Our caregivers have to stay one step ahead of their care recipients’ suicidal thoughts. They have to foresee all the ways they might choose to take their lives. It’s a terrible emotional state to be in. Their minds are constantly racing with horrific scenarios. And many of them cope with this struggle alone.
In time, our veterans’ sense of hopelessness transfers to their caregivers.
These obstacles are staggering, and we certainly have a lot of work to do. Yet, I face this challenge with optimism. Our nation has a history of rallying around what seem like insurmountable crises, only to find that solutions are indeed possible when we work together.
The first step we must take is fundamental. Find the women and men assisting our wounded, ill and injured service members and veterans, and educate them about the importance of identifying themselves as caregivers.
The Elizabeth Dole Foundation is taking on this challenge at a national level. Later this year, we will launch a nationwide education initiative called the Hidden Heroes Campaign to encourage caregivers to self-identify and to rally Americans to offer their support. Actor Tom Hanks has already stepped forward to serve as the campaign’s chair, and we will announce a broad range of partners to assist our efforts.
Once we identify these caregivers, we need to connect them to a support network. Our Foundation manages the Hidden Heroes Caregiver Community, a closed, caregiver-only Facebook group where caregivers can exchange resources, share advice, and socialize with people who understand their lives. We also facilitated the launch of the Military and Veteran Caregiver Network, which offers a myriad of resources including trained peer mentoring to military caregivers.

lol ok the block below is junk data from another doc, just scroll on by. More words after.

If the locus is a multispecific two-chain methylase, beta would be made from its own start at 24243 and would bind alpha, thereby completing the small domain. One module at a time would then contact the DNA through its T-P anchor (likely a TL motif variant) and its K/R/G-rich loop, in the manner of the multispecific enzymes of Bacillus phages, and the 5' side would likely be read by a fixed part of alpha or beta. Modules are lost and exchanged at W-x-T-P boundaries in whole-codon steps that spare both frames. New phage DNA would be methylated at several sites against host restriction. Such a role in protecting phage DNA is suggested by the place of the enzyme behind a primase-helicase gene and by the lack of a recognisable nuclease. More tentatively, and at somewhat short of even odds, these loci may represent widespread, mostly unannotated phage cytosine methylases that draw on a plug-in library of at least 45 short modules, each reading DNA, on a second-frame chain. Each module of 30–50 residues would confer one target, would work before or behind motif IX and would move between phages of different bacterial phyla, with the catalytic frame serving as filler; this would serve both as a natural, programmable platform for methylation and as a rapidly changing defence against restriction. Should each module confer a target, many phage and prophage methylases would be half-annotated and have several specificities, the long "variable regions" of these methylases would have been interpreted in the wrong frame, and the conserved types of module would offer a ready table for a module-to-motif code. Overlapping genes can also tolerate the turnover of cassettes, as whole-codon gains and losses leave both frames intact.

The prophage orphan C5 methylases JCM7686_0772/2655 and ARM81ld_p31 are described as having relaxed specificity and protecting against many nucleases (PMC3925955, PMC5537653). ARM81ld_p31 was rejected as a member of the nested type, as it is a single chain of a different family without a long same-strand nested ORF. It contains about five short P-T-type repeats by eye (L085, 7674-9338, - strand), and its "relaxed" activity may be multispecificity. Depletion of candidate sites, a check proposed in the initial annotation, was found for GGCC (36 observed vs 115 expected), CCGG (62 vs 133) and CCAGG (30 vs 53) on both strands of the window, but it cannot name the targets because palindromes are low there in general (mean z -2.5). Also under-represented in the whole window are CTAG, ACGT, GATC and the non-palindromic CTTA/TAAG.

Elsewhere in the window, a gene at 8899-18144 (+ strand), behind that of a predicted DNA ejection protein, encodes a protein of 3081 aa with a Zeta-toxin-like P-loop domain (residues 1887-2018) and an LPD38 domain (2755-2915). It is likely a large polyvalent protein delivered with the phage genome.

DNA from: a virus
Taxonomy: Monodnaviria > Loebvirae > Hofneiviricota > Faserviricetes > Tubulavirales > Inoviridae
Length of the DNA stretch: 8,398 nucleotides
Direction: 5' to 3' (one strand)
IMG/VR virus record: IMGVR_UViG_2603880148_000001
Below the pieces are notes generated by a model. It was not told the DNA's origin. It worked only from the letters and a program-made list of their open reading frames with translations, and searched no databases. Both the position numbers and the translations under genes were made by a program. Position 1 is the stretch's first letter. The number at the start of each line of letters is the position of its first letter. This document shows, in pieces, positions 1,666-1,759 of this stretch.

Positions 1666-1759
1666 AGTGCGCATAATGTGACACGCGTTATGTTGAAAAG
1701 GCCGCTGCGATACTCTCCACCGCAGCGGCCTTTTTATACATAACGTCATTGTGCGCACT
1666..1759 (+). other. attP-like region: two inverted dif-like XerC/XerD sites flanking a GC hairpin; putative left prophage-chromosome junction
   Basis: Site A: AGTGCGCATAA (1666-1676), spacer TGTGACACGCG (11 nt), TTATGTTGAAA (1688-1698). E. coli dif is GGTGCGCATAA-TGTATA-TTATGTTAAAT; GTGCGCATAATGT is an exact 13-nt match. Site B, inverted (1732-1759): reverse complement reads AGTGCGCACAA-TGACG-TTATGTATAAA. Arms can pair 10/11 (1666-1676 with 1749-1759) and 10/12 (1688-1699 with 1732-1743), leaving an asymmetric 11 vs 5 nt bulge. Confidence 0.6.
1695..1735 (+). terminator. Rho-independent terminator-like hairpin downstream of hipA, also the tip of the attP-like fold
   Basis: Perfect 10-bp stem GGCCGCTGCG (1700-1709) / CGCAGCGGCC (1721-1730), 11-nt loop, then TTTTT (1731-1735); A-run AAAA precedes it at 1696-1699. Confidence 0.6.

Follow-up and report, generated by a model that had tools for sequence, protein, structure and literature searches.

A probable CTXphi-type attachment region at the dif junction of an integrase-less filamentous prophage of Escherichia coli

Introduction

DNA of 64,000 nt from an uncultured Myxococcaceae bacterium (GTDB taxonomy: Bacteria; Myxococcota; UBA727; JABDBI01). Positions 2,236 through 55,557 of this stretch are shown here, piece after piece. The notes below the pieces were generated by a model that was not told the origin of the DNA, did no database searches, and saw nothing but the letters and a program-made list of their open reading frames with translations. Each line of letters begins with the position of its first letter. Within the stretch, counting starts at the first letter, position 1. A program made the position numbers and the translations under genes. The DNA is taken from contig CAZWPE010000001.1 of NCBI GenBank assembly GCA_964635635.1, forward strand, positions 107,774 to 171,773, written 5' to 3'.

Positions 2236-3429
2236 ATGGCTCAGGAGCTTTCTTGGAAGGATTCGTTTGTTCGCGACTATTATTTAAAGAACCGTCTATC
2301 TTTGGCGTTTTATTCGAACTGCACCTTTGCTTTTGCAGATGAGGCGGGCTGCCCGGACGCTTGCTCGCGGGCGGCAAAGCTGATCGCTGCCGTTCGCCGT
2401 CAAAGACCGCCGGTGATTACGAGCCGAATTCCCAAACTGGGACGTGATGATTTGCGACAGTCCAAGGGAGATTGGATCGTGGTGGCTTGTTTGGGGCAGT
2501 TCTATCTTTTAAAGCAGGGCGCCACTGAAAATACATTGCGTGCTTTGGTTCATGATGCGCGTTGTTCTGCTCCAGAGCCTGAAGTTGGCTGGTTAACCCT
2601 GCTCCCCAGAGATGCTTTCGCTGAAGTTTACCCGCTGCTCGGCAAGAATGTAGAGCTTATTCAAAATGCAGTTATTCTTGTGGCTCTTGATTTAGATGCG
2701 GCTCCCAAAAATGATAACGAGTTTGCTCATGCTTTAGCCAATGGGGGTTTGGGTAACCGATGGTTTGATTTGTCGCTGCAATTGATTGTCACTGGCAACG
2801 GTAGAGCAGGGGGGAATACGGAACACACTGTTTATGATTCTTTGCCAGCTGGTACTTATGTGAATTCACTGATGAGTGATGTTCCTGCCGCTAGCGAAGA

Every American can lend their support to this effort by identifying and connecting military and veteran caregivers in their communities, whether those communities are in a workplace, neighborhood, hospital, or community group.
In addition to connecting caregivers, we must reduce the emotional load they carry by better preparing them to serve in their role. To do this effectively, we should first increase training and resources. A large source of caregiver anxiety stems from what they don’t know. The VA plays a major role here, but it can’t all fall on the VA system. We need a holistic approach. The private, nonprofit, labor, and faith communities have to step up.
We also need to identify mental health and respite resources. These two areas go hand in hand. Clearly, caregiving takes an emotional toll too large for one person alone to bear. And respite care not only offers a much needed break, it provides caregivers a chance to focus on caring for themselves.
Our faith communities should also be part of our suicide prevention efforts. Religious guidance is the number one resource sought by caregivers, yet it was one of the least common types of support available. Faith-based groups are in every corner of our nation. They can provide mental health and family counseling, and respite resources. Leaders of faith are also some of the most qualified people to assist those struggling to find hope and meaning in their lives.
Nobody likes to discuss this issue—and that is why what the VA initiated this week was so important. Every single case of suicide is unimaginably tragic. We owe it to every suffering service member, veteran, and caregiver to study, collaborate and act. It truly is a matter of life and death.
Military and veteran caregivers are model examples of selflessness, strength, and resilience. Despite their tremendous struggles, they inspire me each day. I hope, in turn, they inspire all Americans to play their part in addressing this crisis. Together, we can help our veterans and their caregivers see that a brighter future lies ahead.